So let’s fast-forward fifteen years. God-willing, Brooke is in a place where she can share her own experiences if she so chooses. For this example, we’ll assume that she chooses to do so, though of course that will be entirely up to her. A mother blogger is writing about something or other .. how she sees the world and what she thinks is important for other parents of autistic kids to know and blah blah blah. Whatever it is, it resonates enough with Brooke that she takes a risk. She dares to put herself and who she is and what matters to her, on a very personal level, out there and she says, “Hmm, well, yeah, but …. THIS is what I think is important to people like me. And THIS is what I think is a safer bet for keeping us safe. And THIS is how I’d like to ask you to look at it.”

What do I hope to God that mama blogger will do?

I hope she will listen. I hope that she will say, “Hmm, perhaps that wouldn’t be the way that I would have said it or thought it or, heck, thought about it, but yes. That. Yes.” I would hope to God that that mama would say to my girl, “Yes. This. Thank you,” and NOT, “Yeah, well, I hear you, but let me qualify what you’ve said to make it more palatable to my other readers and /or to make it jive a little better with my own philosophy.”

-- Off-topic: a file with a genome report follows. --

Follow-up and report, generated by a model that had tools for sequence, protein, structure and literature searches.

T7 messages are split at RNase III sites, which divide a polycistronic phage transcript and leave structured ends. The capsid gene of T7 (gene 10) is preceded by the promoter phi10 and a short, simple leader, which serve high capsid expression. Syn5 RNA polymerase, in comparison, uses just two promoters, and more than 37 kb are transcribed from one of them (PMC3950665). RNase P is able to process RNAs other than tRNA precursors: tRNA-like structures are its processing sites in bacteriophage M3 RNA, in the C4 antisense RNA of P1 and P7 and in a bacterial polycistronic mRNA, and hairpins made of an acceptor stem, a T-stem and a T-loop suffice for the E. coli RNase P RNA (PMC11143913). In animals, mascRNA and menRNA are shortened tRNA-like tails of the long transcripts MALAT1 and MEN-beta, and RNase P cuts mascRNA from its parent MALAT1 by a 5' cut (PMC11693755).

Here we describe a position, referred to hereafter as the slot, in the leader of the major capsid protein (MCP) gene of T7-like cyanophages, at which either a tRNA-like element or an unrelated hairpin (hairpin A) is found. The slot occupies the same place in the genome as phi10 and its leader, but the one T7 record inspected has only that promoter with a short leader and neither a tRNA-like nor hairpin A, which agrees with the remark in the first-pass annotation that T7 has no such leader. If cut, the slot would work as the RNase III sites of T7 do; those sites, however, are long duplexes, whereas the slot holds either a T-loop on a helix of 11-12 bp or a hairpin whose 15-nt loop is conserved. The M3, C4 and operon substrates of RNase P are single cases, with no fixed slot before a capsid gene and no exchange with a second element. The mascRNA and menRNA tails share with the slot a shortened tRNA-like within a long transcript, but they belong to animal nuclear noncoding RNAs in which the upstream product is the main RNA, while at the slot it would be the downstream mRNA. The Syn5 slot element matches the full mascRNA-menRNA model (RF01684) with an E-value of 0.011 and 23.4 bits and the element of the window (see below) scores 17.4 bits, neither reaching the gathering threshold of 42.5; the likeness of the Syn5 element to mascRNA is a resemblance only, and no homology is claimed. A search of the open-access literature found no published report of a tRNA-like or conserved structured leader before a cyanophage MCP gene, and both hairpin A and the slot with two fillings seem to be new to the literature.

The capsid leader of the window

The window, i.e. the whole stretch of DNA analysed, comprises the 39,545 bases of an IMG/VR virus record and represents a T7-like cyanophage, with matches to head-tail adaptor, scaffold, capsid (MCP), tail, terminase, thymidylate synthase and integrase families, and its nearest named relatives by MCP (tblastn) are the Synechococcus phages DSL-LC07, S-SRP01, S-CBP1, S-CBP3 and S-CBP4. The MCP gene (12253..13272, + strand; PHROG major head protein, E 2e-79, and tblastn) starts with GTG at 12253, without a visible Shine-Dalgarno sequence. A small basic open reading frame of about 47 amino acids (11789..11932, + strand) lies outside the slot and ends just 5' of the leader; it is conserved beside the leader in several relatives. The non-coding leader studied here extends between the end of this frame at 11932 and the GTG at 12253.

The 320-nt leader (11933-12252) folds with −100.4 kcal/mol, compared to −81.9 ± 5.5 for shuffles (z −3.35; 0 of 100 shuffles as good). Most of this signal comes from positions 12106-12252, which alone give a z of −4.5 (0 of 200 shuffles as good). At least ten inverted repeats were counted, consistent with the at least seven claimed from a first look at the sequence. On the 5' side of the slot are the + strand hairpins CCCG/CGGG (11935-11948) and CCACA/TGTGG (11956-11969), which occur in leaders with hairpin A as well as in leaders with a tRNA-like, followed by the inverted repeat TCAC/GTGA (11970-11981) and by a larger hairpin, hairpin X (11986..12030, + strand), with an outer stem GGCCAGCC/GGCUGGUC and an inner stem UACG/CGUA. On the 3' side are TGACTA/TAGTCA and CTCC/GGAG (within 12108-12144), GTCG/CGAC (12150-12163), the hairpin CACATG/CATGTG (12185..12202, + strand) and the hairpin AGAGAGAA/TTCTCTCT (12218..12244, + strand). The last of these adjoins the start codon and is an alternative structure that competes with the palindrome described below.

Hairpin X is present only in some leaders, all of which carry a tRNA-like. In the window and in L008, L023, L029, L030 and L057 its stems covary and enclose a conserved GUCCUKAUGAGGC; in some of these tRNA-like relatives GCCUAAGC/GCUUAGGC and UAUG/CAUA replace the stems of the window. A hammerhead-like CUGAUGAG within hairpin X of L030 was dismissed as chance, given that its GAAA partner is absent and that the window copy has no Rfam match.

So yes, you might catch me playing favorites. And while Diary will always be a safe place for constructive disagreement and respectful discourse, I will go out of my way to ensure that autistic people feel comfortable here and that their perspectives are heard and respected first. Because I desperately want them to be part of this conversation. Because we NEED them to be part of the conversation. Because they DESERVE to be part of a conversation about what life is like for them and others who experience the world in similar ways, whether they be geese, ducks, penguins or peacocks.

And because the only way that I can ask that mama blogger to listen to my girl in fifteen years … is to do it myself today.

17 thoughts on “playing favorites